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Ever been caught without that rescue disk, and thought that everything was lost, and that you have no choice but to reinstall the operating system? Well don’t do it just yet. In this article we’ll introduce you to tomsrtbt, a bootable diskette that will allow you to salvage and/or repair files regardless of your operating system. (This article originally appeared in the April 2004 issue of Plug-In).

  1. Rescue Me!
  2. Creating a Bootable Diskette
  3. Booting From a Legacy Device
  4. Mounting a Drive
  5. Copying Files
By: Peter Lavin
Rating: starstarstarstarstar / 36
January 18, 2005

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If you’re here to salvage some files by copying them to a diskette then you will also need to know how to mount and format a floppy. You’ll be able to format your diskette for DOS or for Linux by first typing fdformat /dev/ fd0H1440. To make a Linux floppy type then type, mke2fs /dev/fd0 or, alternately, mkdosfs /dev/fd0 for a DOS diskette. To copy files to your floppy you will again have to mount the drive. This can be done in exactly the same way that any other drive is mounted. First create a mount point, let’s create one called “floppy”, and then mount the drive by typing mount –t msdos /dev/fd0 /mnt/floppy. Just drop the file type switch (–t msdos) if you are mounting a Linux floppy. We’re now ready to copy files.

Copying files is identical regardless of the operating system. You simply use the cp command specifying a source and destination. For instance, to copy the file fstab in the etc directory to your floppy you would simply type cp /etc/fstab /mnt/floppy/fstab. If you wish to copy a directory and all its contents then you will need to know the -r switch. The “r” stands for recursive and will copy all files and directories within the directory specified.

In this way you can salvage as many files as needed from the hard drive. Read on for more advanced commands.

Advanced Commands

In some cases you may want to run as root on your original Linux partition. This can be done by creating a mount point for the file system, mounting it and then using the chroot command. This is exactly what I wanted to do so that I could make a boot disk for my Red Hat 7.1 installation.

First I created a mount point for the file system. In my case I knew that my Linux drive was device hda5 so I created a mount point called “rh71”, mounted this device and then simply typed the command chroot /mnt/rh71. I next changed my directory to the sbin directory, typed ./mkbootdisk --device /dev/fd0 2.4.2-2 and inserted a floppy into the drive. The number following the device is the kernel version number of my distribution. You don’t have to remember it--you can easily look it up by examining the files in the “boot” directory.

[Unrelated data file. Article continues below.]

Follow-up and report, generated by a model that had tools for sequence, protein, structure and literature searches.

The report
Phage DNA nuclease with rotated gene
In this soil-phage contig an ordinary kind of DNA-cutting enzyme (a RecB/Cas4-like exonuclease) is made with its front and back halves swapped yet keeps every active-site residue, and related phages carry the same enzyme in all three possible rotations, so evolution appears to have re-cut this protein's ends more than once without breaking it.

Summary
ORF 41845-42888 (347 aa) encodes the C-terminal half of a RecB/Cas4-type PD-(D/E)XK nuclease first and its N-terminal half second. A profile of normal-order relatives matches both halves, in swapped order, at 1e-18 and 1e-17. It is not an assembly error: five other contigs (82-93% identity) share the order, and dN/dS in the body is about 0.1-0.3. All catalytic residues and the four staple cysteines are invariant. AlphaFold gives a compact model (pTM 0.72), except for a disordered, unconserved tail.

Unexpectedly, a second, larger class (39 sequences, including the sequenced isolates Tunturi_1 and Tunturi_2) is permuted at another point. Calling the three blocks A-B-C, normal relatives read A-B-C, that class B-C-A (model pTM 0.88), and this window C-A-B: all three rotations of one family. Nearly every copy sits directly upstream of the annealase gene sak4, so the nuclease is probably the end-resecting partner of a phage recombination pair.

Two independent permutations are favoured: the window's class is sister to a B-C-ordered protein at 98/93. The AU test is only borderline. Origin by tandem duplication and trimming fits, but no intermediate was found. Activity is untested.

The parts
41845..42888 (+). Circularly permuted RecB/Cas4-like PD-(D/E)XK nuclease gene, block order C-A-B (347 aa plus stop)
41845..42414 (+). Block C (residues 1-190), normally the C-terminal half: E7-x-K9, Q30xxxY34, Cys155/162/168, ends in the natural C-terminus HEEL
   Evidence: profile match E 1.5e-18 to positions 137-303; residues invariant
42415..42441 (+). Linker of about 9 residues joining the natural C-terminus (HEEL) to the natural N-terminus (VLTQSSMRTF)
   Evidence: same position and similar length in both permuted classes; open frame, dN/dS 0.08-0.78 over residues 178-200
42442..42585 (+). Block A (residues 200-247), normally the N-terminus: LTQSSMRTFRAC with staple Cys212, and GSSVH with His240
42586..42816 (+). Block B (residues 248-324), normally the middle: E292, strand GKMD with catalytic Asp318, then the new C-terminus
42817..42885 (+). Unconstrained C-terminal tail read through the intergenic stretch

When I was finished I changed back to tomsrtbt by typing exit at the command line.

In very quick order, I had a boot disk for my Red Hat installation. I could now boot into Linux and do anything else I needed to do using X Windows.

Things don’t always work out so nicely though. Sometimes you may need to look at or change information in a file. In this case you will have to use the text editor vi. I’ll give you some quick tips on using this editor.

To invoke vi, type vi and pressing Enter. If there is a specific file that you wish to edit, type the name of the file after the command vi. Upon start-up, vi is in command mode and you need to press i for “insert” if you wish to add to or change the file. Saving your changes is done by returning to command mode by hitting the Esc key, followed by :wq. This is not an extended tutorial on using vi, so if you have made mistakes and want to abandon what you’ve done you may quickly exit by pressing the escape key and then :q!. None of your changes will have been saved.

There are many more useful commands available--for checking the integrity of the file system, for instance--but you would probably do well to learn a little more about Linux before exploring them. You don’t want to accidentally reformat your drive!


The “tomsrtbt” distribution is a nice little tool if you have trouble booting from your hard drive and don’t have a rescue disk. Using a few basic Linux commands, files can be examined, copied or changed regardless of what operating system you are running.

>>> More BrainDump Articles          >>> More By Peter Lavin

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